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New GP treatment option makes headlines in Continence Awareness Week 19-25 Sep

PelvicToner Simple and effective

19 - 25 September is National Continence Awareness Week ( and there has never been a more important time to make women more aware of the new, simple but effective treatment that is now available from their GP.

Stress incontinence is still a taboo subject and many women will just not discuss the matter with their GP, partners, friends or colleagues. But for the first time GPs can now offer a more effective and speedier treatment option to the millions of new mums and women of all ages that present with the distressing symptoms of Stress Urinary Incontinence (SUI). There are over 4,000,000 women in the UK with the problem and 370,000 new mums are set to join the total every year.

This is the first major advance in the NHS primary care treatment of SUI for over 60 years.

Following a highly successful clinical trial and a robust cost-benefit evaluation, the NHS has decided that the PelvicToner™ will be available on prescription under the brand new Drug Tariff category of Pelvic Toning Devices.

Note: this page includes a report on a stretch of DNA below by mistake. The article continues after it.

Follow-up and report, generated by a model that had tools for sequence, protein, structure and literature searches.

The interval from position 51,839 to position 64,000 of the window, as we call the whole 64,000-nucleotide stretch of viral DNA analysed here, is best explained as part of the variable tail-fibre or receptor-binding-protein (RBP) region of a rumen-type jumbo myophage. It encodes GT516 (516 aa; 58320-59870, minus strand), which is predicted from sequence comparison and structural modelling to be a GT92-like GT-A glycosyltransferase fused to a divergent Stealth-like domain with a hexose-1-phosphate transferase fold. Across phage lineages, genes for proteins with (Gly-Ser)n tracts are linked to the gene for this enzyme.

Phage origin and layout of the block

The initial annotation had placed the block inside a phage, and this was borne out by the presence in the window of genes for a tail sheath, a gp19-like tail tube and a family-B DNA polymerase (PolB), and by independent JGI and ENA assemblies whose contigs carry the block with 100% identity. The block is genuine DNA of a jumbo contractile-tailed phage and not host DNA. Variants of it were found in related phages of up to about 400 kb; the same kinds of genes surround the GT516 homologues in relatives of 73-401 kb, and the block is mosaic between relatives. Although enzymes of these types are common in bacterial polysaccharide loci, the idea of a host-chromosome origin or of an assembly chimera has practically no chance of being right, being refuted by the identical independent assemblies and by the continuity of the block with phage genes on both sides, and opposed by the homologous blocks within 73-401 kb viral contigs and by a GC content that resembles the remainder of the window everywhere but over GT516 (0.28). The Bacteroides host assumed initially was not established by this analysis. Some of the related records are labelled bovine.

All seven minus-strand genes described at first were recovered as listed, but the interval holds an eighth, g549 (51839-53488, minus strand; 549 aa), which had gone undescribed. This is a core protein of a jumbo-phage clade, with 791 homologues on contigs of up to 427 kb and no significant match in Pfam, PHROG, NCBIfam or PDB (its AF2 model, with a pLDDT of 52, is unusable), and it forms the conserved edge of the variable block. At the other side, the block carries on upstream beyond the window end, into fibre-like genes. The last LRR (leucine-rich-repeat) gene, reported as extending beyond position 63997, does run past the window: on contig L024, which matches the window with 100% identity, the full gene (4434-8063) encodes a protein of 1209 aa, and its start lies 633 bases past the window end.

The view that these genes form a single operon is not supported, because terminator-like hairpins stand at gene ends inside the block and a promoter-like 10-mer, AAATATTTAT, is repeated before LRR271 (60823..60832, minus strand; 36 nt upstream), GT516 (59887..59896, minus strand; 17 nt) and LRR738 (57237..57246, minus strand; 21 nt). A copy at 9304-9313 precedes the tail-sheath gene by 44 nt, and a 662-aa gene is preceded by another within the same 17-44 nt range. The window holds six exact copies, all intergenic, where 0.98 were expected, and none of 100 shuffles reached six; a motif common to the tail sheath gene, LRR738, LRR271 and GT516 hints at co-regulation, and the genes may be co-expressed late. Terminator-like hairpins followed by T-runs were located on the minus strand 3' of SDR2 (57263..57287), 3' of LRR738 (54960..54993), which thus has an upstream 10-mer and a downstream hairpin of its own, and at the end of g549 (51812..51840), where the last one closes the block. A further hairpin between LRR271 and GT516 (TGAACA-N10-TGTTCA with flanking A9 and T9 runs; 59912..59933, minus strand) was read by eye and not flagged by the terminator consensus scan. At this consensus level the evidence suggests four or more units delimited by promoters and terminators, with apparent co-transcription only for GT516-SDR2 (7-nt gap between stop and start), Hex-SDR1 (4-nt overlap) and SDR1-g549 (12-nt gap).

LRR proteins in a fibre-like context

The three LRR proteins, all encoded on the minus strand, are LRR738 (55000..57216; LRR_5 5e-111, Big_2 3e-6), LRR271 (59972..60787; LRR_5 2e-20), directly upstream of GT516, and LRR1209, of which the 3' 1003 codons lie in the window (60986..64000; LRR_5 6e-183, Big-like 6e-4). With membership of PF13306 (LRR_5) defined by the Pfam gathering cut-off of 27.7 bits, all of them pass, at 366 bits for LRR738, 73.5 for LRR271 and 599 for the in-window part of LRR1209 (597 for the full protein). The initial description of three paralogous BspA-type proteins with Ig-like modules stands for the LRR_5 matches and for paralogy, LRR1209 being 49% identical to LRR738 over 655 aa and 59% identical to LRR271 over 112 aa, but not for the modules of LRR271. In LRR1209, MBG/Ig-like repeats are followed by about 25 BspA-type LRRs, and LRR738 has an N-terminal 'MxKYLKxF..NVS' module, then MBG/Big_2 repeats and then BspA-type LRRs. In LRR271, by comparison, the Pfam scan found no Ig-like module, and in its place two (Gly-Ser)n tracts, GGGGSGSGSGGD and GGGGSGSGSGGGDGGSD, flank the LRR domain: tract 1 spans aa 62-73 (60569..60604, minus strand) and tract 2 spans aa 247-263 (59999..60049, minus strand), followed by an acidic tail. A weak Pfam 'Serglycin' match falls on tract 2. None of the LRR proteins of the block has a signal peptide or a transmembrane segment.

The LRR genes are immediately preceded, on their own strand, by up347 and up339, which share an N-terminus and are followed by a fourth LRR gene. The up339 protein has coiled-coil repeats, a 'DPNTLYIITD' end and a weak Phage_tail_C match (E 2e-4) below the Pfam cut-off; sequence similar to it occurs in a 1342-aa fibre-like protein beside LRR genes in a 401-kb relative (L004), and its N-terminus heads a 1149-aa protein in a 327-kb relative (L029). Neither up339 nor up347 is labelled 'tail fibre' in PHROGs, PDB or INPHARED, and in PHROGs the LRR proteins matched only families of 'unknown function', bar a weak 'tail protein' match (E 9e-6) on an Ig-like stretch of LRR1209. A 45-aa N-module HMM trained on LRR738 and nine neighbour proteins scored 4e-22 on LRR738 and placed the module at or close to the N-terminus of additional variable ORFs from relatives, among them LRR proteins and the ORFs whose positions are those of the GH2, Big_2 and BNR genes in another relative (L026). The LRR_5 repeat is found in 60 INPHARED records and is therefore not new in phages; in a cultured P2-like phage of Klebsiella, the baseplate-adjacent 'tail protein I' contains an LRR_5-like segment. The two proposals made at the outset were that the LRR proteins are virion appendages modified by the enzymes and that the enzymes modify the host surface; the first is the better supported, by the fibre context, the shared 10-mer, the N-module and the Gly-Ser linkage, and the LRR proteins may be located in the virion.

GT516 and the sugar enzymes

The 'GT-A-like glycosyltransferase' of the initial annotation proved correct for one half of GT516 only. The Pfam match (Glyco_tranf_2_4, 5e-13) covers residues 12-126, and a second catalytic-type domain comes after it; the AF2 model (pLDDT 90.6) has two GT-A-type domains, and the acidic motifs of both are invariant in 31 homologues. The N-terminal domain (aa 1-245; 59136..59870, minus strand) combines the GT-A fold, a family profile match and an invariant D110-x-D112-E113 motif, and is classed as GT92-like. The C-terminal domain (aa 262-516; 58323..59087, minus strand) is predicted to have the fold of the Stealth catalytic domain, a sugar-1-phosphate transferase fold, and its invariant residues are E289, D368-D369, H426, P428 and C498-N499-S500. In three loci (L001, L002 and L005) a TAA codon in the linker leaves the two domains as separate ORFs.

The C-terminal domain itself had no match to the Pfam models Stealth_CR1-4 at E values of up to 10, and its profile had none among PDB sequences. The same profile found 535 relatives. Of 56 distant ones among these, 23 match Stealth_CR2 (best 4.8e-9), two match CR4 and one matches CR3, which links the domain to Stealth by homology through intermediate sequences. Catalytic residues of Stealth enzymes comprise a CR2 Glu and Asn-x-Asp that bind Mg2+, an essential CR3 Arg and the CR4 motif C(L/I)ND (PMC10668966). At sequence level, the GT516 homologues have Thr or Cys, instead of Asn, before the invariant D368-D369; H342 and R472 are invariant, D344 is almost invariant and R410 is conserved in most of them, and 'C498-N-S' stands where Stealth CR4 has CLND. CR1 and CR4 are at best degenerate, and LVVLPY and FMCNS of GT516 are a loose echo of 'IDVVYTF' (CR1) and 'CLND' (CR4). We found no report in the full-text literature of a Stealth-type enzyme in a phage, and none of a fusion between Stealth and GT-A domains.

NICE Best Practice currently recommends that women be individually assessed, trained and supervised by a specialist in a three month programme of Pelvic Floor Exercise (PFEs) but these Guidelines are currently under review and the new Guidelines should recommend the use of the PelvicToner in suitable cases.

In fact, very few women receive the current ‘Gold Standard Treatment’ and are generally just offered a simple instruction sheet to use unsupervised. Specialists in the field have long recognized the weaknesses of this approach and clinical estimates suggest that a third of women cannot identify their pelvic floor and how to squeeze it in the first place, so giving them just an instruction sheet is of no real benefit and leads to frustration and despair.

In clinical trials, published in the British Journal of Urology International, the PelvicToner was shown to be as effective as Supervised PFEs with the added benefit that it helped women confidently identify their pelvic floor and exercise more effectively by squeezing against a mild resistance. The result is a very high level of satisfaction with over 80% of PelvicToner users reporting significant improvement within a couple of weeks.

The use of the PelvicToner should also bring significant cost benefits to the NHS. Prescribing the PelvicToner in the first instance could and should save the NHS GBPmillions and enable the NHS to focus scarce resources such as Continence Advisors, specialist physiotherapists and surgeons on the most needy cases.